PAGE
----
Clean water in California is overdue

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In summary

As the 50th anniversary of the Federal Clean Water Act approaches, it’s time for the state to get on track to ensure safe waters for everyone to swim, fish and drink Californians.

By Sean Bothwell, Special for CalMatters

Sean Bothwell is the executive director of the California Coastkeeper Alliance.

Forty-nine years ago this week, Congress passed the Federal Clean Water Act, in an effort to restore U.S. waters. Yet today 95% of California’s rivers, lakes, bays and wetlands are plagued by pesticides, metals, pathogens, waste and sediment, making swimming, fishing or drinking unsafe. Approaching 50e anniversary of this historic environmental legislation, it is time for the state to get on the right track to ensure swimmable, fishable and potable waters for all Californians.

Underserved communities of color bear too much the cost of unsafe water. But the state has increasingly treated these communities as “sacrifice zones” for water quality. For example, communities along the Los Angeles River face the highest pollution levels statewide. But rather than adopting enforceable digital water quality standards, the Newsom administration is pressuring the State Water Board to relax stormwater pollution standards in underserved communities of color.

Rather, the Newsom administration must hold polluters to account. One solution is to ensure that low-income communities suffering from poor health due to overexposure to environmental risks are better represented in decision-making about water quality regulation. The legislature should pass legislation requiring state and regional water boards to include at least one representative from tribal or environmental justice. The state should also devote funds to the participation of these environmental justice communities in the regulatory process.

The Clean Water Act has succeeded in reducing pollution from traditional industrial outlets. Today, more pollution in Californian waters is caused by runoff from farms and towns, causing toxicity, respiratory disease and gastrointestinal illness. For example, Stockton is suffering an increasing number of harmful algal blooms. A 2020 epidemic measured up to 49 times the level of “danger”. The state must establish freshwater flow standards and nutrient water quality standards to prevent toxic algal blooms.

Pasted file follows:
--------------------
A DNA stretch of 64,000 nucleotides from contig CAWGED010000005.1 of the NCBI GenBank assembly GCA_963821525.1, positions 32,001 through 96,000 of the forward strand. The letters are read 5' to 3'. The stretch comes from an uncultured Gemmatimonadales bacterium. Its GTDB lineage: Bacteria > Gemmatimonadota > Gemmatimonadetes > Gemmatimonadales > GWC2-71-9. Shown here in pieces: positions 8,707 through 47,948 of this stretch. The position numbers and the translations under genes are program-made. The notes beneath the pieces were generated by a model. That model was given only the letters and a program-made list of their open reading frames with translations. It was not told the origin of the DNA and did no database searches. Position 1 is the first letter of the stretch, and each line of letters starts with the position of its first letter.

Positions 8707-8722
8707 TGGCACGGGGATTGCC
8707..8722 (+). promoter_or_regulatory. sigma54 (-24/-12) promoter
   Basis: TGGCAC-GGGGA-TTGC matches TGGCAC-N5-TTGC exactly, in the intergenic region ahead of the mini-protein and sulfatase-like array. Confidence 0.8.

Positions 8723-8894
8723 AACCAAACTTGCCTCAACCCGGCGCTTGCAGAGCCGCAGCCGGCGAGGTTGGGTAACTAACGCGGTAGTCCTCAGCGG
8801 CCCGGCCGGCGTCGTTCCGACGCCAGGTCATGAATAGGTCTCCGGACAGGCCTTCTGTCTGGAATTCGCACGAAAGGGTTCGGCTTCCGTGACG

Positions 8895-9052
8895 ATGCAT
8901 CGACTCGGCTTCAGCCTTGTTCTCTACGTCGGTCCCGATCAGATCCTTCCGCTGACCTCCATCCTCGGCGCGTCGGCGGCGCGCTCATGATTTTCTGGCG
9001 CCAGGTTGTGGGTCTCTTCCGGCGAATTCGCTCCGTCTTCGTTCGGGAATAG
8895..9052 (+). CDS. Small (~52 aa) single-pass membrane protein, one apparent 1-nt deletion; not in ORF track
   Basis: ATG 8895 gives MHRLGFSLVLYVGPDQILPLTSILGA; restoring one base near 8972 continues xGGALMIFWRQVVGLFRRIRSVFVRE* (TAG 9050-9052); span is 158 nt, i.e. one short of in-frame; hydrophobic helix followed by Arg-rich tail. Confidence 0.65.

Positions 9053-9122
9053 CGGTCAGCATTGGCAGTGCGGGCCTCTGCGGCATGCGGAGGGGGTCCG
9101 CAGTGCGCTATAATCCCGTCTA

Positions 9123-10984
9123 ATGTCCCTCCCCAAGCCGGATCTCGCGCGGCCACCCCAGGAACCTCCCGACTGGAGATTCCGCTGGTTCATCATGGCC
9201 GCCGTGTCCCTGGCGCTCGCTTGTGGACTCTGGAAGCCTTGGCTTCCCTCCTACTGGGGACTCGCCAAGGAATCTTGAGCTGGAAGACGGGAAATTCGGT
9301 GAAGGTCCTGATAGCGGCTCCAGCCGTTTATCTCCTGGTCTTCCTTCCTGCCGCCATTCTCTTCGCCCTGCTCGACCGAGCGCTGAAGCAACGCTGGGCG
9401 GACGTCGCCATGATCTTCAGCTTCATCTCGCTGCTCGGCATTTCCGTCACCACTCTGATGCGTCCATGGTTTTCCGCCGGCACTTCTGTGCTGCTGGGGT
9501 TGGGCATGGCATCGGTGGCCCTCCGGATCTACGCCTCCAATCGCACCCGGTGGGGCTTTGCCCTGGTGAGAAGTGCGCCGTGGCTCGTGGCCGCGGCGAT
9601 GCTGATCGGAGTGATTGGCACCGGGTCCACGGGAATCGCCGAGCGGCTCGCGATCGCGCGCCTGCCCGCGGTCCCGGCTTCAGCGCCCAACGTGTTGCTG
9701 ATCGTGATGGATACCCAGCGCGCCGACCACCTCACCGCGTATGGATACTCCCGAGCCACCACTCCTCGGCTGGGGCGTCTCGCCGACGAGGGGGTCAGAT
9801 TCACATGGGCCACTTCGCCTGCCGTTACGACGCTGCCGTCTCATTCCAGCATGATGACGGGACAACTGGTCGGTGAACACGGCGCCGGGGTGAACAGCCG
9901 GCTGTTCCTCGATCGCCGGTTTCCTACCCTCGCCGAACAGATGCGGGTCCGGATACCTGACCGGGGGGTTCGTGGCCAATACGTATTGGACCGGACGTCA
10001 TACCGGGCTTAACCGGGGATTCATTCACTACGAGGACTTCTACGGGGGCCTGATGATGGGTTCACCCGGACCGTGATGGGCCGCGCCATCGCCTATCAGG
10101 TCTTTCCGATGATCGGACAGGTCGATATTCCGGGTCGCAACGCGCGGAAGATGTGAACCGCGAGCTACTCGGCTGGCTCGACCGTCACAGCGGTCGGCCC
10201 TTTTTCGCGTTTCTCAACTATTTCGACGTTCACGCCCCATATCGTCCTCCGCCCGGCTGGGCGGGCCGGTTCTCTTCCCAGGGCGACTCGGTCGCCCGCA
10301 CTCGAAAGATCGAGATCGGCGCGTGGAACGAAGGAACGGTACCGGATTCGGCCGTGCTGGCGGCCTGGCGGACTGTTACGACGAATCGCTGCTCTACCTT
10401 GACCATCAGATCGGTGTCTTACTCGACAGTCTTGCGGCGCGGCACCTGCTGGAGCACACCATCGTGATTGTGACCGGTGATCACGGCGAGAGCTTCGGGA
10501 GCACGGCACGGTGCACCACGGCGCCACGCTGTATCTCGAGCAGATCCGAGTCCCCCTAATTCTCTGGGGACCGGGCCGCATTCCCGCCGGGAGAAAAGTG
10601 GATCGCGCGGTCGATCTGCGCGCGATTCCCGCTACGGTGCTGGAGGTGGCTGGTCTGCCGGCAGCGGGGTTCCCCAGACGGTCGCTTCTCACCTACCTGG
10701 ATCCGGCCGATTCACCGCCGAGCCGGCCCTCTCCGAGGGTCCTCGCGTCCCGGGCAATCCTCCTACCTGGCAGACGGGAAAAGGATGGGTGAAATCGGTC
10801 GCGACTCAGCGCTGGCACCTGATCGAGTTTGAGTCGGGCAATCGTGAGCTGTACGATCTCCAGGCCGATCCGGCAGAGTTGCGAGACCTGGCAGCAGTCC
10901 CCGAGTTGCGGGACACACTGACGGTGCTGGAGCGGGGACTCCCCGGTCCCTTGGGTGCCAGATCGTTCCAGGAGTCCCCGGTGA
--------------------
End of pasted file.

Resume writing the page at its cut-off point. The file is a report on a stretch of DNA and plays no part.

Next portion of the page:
Across the state, subsistence fishermen – low-income fishermen often from immigrant communities – fish to feed their families. Yet a state study determined that fish in 99% of coastal waters and 49% of freshwater exceed security levels established to eat.

Contamination by mercury and polychlorinated biphenyls (PCBs) is particularly alarming in San Francisco Bay and the Sacramento-San Joaquin Delta. In 2001, a Contra Costa County Study found that 70% of local fishermen surveyed were Asian, African American or Latino, and 73% regularly ate fish that can be dangerous to eat.

Insufficient river flows have decimated California’s native fish populations, including the salmon runs that are essential to the tribes. A growing list of fish species is on the brink of extinction.

The state has promised for decades to create a set of rules known as organic policy to protect the biological health of our waterways. It is time for California to keep that promise.

The Newsom administration must also take a new approach to our flawed water rights system, which was created at a time when tribal lands were seized, tribes were victims of genocide and scores of people were killed. of color were prohibited from owning rights to land or water. California’s water rights system is at the heart of racism and systemic inequalities. This system is the reason why the tribes are now faced with the loss of salmon runs. This is why communities of color, with polluted or dried up groundwater wells and no rights to water from our rivers, are now forced to haul clean water by truck.

Reducing pollution can also help California cope with increasingly frequent droughts caused by climate change. Capturing urban runoff can reduce pollution while creating a water supply. Likewise, urban wastewater has historically been treated only as waste – used once, treated and discharged. Today, more than 1.5 million acre-feet of water are released into coastal waters each year. Instead, we should improve the treatment of that water and reuse it – all of it. Orange County is a world leader in wastewater recycling. It’s time for the rest of California to catch up.

In the coming year, Californians should demand that Gov. Gavin Newsom, the agencies he oversees, and the legislature take seriously the guarantee of safe drinking water for all.


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